It's perhaps inane to talk about a 'new way of war', because war has been with us for as long as the human race has inhabited this planet, and probably will be until we've become extinct. Nevertheless, the ways in which we learn more about the enemy, and fight him, have improved along with technology.
It looks as if drones (in this case, unmanned aerial vehicles or UAV's) are about to provide another. Military.com reports:
The Navy will launch its first at-sea "air show" of dozens of drones swarming in formation late next month, officials with the Office of Naval Research said Friday.
The demo will feature more than 30 Raytheon-built Coyote unmanned aircraft systems launched in rapid succession and flying in formations, thanks to ONR's Low-Cost UAV Swarming Technology (LOCUST).
At $15,000 per unit, the drones are cheap enough to be expendable if needed and, launched at high numbers, they can overwhelm enemy forces while requiring little human supervision.
ONR wrapped up a series of land tests this week with an experiment at Yuma Proving Ground, Arizona, where 31 of the 12-14 pound Coyotes were tube-launched in approximately 40 seconds and proceeded to conduct a series of swarm formations and maneuvers ...
The swarming technology allows the drones to relate to each other spatially and fly their swarm formations with minimal human direction or intervention, which Mastroianni noted is key for practical and efficient unmanned technology that decreases the warfighter's burden.
"We have an operator that's monitoring it, keeping eyes on what's going on, and can reach in and change things if they want to," he said. "But the reality is, [the drones are] flying themselves, they're performing their mission and the operator's supervisory. So it tremendously reduces the workload to be able to control large numbers of UAVs."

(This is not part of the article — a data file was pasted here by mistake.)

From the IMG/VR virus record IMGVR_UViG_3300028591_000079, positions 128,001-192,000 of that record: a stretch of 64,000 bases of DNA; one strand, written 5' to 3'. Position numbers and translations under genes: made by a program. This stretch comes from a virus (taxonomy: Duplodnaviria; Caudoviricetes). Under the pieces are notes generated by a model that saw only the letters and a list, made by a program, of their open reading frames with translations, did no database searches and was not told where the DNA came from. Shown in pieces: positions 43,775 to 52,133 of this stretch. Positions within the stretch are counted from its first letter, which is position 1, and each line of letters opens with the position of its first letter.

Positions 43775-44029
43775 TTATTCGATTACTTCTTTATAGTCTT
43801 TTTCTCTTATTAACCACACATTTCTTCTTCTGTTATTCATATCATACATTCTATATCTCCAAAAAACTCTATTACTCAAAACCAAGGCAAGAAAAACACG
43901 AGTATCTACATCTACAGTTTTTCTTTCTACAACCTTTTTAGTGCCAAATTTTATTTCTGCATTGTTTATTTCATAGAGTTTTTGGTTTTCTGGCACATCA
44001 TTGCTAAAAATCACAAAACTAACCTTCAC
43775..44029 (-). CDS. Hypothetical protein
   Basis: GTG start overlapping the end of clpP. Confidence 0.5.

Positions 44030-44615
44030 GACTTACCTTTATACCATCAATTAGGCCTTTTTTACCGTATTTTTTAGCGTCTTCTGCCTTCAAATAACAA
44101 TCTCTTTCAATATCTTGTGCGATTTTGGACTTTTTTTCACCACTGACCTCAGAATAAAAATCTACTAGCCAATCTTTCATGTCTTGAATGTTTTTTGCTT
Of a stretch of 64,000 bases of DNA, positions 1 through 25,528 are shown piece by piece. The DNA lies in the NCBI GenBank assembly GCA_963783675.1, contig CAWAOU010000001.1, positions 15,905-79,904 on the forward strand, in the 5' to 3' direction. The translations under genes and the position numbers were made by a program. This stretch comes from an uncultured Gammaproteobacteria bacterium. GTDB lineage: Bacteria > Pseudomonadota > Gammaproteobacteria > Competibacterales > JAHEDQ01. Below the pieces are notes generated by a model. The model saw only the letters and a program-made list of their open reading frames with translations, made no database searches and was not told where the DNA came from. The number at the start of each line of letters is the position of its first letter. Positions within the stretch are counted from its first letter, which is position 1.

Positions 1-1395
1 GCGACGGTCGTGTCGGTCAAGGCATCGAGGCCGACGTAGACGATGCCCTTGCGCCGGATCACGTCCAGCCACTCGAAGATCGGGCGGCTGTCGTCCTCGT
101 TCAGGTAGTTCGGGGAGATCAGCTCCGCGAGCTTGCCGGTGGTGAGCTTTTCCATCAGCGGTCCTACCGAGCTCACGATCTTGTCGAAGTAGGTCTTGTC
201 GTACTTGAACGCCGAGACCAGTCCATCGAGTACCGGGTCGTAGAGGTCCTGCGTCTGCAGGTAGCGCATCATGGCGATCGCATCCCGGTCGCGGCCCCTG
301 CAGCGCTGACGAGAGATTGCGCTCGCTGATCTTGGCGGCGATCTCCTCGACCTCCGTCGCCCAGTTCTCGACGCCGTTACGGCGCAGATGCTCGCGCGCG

The swarm can expend enemy resources by drawing fire or safely conduct tasks such as intelligence-gathering or jamming communications that might otherwise be accomplished with manned aircraft.
There's more at the link.
I note that the video of the land-based demonstration, above, did not use the little Coyote aircraft, but larger, lower-cost UAV's instead - presumably because they're designed to be used multiple times, making it much cheaper to repeat the tests. The more expensive (and more capable) Coyotes will probably be used in the shipborne tests. I understand some small UAV's (possibly including future models of the Coyote) will be capable of being launched from aircraft (e.g. the P-3 Orion and P-8 Poseidon) and helicopters (e.g. the SH-60 Seahawk) through sonobuoy tubes, making them very versatile. That capability has been under development for some years.
When this technology is perfected, it'll be able to cover a very large area with a swarm of autonomous, networked UAV's, working together to detect anything worth finding in the area, then (if necessary) either attack it themselves or designate it for attack by weapons sent into the area by another launching platform (e.g. a ship or an aircraft). This means that, for example, an air defense zone thick with anti-aircraft radars and missiles, that could not be penetrated safely by manned aircraft or (very expensive) high-end UAV's, could nevertheless be neutralized by sending in a swarm of these little robots. They could find and mark every missile and radar site for a strike by missiles launched from outside the range of the air defenses, clearing the way for larger, more expensive (and therefore less expendable) strike aircraft or UAV's to pass through it to reach their targets.
I suppose this is a technological implementation of a long-standing fictional idea.
I wonder how long it'll be before someone names one of these little UAV's a 'Crebain'?